Dare to Finish

03 March 2014 Comments Off on Dare to Finish

BY MELEK CANSU PETEK (ELIT/II)
petek@ug.bilkent.edu.tr

Approximately two months ago, I was pretty sure that I should drop out of school. That may look like an impulsive decision at first glance, but a part of me knew there was more to it. It wasn’t an I-hate-finals moment (although I’m not necessarily a big fan of them either). There I was, sitting around being extremely unhappy and unproductive, having a hard time coming up with even the slightest idea for my research paper, and realizing how my creativity was in the process of being destroyed by all these years of “education.” Sustaining joy despite all circumstances, keeping up a hopeful attitude and staying creative in the midst of dealing with the most boring necessities of life are the very principles I hold dear and try to establish in my life. That moment of epiphany, therefore, was extremely painful, and it sparked only one reaction: “There is no way I’ll continue doing this, I’m dropping out!”

Even the idea was a huge relief at that moment; yet I didn’t go on and fill out the paperwork right away. Before making a decision that big, I needed to be tested first to see how well I could defend my cause, which seemed to be the only way to make sure that my reaction was not purely impulsive. I was quite aware that I didn’t have a backup plan, or a new opportunity that would justify my intentions.

When I went on to discuss these ideas with a few friends, I sincerely felt blessed. Not only did they take me seriously and treat the matter with great care; they also offered me their honest opinions while keeping focused on my well-being as their most important concern. It is moments like this that make one realize there are people who really mean it when they say, “I got your back!” After hours of discussion about possible future paths and what might be the next step if I were to drop out, I settled on continuing for another year and a half to finish my degree—but not because it was the easier choice. I am finding it requires more willpower than I’ve ever had: every single day I enter into a battlefield, tired yet proud, knowing that I haven’t quit. I haven’t given up on the pursuit of happiness and a fulfilling life by any means, and never will. I’m just convinced that quitting when things get hard won’t bring me what I am searching for.

Now, why did I share all these inner battles with you? Well, I know for sure that there are at least a few people out there who can identify with the way I reacted. You’re absolutely right—life isn’t fair, we’re forced to live in a system that doesn’t consider our happiness in the least, and I find that simply horrifying. Yet it doesn’t necessarily mean that we should quit. I encourage you to do whatever is in your power to challenge the system and take a step toward what makes you happy. I came to that crossroads almost three years ago, when I realized that being a biologist wouldn’t be the most fulfilling career I could have. It took me some time to figure out the next step, and I did consider a few other choices before arriving at literature, but when I finally came to the conclusion that this was what I should study, it made perfect sense. It still does, to the point of asking myself how on earth I didn’t realize this before. Even my father, who didn’t like the idea of my changing majors, and especially choosing yet another one where there’s not much possibility of making a lot of money, acknowledges that. I won’t say being a student became extremely easy, but I love how natural it feels to study literature. That is the very reason why I’ll be carrying on in spite of all the struggles I continually face.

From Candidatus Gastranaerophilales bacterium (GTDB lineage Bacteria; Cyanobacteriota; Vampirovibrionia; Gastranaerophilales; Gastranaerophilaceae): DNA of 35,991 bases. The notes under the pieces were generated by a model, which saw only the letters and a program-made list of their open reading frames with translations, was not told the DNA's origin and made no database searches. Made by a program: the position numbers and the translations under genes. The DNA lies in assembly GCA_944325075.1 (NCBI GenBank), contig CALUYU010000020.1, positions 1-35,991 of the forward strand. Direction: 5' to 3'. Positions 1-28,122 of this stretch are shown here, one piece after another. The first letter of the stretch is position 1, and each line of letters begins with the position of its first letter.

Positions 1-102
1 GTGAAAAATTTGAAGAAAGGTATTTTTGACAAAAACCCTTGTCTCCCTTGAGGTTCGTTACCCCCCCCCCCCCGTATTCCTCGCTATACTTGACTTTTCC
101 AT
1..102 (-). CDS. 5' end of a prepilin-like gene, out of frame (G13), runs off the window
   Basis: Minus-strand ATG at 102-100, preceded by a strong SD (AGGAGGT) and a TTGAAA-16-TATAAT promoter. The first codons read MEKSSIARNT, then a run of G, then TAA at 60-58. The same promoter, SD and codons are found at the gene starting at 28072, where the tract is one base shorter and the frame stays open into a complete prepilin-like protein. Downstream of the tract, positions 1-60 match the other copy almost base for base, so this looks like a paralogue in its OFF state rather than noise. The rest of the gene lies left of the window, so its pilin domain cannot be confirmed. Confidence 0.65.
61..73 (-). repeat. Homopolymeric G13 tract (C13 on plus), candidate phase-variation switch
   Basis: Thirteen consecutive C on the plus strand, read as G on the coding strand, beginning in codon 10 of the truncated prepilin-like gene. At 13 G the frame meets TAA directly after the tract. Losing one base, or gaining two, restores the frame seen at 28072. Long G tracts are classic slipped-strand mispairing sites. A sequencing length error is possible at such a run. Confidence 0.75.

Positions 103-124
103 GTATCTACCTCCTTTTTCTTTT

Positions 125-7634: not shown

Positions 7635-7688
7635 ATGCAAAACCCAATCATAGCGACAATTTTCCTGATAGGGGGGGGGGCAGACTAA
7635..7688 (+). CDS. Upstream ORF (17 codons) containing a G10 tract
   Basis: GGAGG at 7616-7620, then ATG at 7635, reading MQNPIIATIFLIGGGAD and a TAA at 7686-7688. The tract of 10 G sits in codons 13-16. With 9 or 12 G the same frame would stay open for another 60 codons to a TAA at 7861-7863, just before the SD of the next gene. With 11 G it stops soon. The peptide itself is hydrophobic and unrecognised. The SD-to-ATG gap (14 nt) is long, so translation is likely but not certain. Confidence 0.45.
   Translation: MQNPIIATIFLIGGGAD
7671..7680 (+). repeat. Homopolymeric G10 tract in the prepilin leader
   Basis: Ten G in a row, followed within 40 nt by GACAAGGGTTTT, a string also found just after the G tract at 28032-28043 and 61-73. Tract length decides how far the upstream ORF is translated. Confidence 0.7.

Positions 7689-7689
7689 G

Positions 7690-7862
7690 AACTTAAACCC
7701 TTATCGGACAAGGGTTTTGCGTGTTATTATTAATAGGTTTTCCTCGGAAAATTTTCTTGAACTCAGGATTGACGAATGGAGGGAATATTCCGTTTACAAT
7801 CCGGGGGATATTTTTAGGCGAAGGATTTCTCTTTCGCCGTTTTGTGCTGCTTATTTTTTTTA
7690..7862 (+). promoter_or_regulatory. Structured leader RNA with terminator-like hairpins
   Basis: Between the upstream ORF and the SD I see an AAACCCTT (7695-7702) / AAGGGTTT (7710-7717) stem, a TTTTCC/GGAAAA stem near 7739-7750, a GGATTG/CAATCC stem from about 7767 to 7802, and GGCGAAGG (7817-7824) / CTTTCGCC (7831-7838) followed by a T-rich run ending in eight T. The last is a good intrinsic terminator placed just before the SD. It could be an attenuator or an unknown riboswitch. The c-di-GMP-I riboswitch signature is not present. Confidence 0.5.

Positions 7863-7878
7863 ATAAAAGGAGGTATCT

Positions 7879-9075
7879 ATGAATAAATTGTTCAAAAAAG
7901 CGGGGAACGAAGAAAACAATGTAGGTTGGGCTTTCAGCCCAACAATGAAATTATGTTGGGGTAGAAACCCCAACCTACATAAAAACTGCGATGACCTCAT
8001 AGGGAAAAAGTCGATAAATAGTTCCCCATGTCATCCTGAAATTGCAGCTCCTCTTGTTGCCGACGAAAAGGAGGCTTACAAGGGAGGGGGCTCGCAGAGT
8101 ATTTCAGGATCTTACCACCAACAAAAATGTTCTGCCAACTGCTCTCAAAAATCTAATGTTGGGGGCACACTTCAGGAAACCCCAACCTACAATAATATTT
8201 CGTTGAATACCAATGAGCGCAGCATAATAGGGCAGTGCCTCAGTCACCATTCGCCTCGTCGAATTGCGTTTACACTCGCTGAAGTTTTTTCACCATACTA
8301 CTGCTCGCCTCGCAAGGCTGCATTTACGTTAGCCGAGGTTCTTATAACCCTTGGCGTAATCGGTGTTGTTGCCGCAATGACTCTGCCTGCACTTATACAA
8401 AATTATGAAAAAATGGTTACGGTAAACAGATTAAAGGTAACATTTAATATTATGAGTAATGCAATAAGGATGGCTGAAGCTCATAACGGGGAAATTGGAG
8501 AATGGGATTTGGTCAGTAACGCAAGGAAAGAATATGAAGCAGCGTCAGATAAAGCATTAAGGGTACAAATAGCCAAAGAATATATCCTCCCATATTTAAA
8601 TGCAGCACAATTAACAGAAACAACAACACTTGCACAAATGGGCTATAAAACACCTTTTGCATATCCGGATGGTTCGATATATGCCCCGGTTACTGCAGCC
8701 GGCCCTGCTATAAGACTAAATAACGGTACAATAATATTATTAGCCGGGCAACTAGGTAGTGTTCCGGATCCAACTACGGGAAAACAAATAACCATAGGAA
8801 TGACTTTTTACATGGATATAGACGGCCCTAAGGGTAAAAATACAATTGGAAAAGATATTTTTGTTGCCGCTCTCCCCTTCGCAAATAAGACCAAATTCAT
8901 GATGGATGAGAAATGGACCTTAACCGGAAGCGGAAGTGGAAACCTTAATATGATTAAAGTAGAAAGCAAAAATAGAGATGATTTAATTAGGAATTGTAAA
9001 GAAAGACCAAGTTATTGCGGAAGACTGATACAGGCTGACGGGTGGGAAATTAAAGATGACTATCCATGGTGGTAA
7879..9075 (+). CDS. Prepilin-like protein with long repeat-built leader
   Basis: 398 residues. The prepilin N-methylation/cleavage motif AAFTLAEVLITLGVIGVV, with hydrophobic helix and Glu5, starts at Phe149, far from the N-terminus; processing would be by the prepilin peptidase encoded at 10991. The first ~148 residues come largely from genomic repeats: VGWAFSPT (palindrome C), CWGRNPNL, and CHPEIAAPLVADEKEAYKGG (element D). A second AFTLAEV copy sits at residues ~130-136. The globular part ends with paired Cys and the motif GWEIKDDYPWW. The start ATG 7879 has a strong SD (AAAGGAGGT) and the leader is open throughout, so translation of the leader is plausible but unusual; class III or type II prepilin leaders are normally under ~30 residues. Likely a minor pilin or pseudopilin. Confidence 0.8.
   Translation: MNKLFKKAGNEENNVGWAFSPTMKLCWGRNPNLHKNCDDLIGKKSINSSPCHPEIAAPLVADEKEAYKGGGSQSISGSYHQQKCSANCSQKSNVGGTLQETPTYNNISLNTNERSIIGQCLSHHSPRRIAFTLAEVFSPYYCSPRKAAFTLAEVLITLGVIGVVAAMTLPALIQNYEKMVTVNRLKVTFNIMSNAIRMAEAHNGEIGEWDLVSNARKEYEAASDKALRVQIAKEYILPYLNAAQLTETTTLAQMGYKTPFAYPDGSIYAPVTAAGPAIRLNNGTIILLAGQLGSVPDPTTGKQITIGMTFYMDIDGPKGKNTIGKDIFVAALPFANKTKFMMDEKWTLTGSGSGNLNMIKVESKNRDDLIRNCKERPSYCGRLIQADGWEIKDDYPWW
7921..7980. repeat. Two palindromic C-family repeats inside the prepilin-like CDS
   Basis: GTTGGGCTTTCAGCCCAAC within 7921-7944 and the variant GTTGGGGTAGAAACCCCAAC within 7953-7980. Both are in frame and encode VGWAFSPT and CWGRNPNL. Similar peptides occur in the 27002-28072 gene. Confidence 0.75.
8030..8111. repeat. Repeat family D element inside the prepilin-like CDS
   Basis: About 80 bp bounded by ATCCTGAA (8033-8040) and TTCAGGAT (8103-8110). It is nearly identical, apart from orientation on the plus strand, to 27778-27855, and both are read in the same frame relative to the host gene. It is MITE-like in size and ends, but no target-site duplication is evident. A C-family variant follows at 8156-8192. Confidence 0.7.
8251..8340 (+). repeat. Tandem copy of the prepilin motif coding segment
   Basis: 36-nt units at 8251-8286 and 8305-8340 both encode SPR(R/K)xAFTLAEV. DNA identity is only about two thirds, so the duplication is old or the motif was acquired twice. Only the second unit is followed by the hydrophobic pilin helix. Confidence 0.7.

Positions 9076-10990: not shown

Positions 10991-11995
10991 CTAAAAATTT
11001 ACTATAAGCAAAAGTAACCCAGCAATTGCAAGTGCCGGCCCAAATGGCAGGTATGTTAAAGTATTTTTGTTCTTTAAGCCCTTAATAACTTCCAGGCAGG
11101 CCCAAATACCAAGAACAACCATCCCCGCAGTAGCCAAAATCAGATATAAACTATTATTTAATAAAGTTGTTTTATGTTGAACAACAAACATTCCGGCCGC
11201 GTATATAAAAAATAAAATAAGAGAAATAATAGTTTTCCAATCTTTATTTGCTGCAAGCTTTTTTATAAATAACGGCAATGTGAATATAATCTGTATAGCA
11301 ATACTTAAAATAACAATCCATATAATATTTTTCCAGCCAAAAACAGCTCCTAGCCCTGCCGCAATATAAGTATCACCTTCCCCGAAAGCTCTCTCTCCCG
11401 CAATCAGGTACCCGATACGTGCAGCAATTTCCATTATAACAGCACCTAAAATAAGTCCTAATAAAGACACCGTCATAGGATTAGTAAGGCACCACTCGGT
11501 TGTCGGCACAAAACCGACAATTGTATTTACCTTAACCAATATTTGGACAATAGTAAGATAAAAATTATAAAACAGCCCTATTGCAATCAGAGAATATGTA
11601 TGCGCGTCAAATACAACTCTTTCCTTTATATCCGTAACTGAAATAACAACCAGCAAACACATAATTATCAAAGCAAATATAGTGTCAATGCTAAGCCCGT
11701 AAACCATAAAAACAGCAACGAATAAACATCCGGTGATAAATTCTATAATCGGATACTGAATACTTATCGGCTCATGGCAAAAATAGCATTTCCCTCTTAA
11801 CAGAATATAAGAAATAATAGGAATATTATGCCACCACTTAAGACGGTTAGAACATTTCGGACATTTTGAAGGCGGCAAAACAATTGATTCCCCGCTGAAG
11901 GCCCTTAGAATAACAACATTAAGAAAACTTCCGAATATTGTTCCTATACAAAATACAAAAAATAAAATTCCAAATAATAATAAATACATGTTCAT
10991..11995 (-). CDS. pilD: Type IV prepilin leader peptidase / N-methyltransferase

There is a time and place to quit, or to ignore what is demanded from you and follow your instincts, and I absolutely respect those who have the courage to do so. Even so, there is also a time to dare to finish what you’ve started, to fight your way through the darkness with the hope of seeing the light in the end. Emerson says, “To finish the moment, to find the journey’s end in every step of the road, to live the greatest number

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of good hours, is wisdom.” He might be calling that wisdom, but I call it life, and if things get hard, I got your back!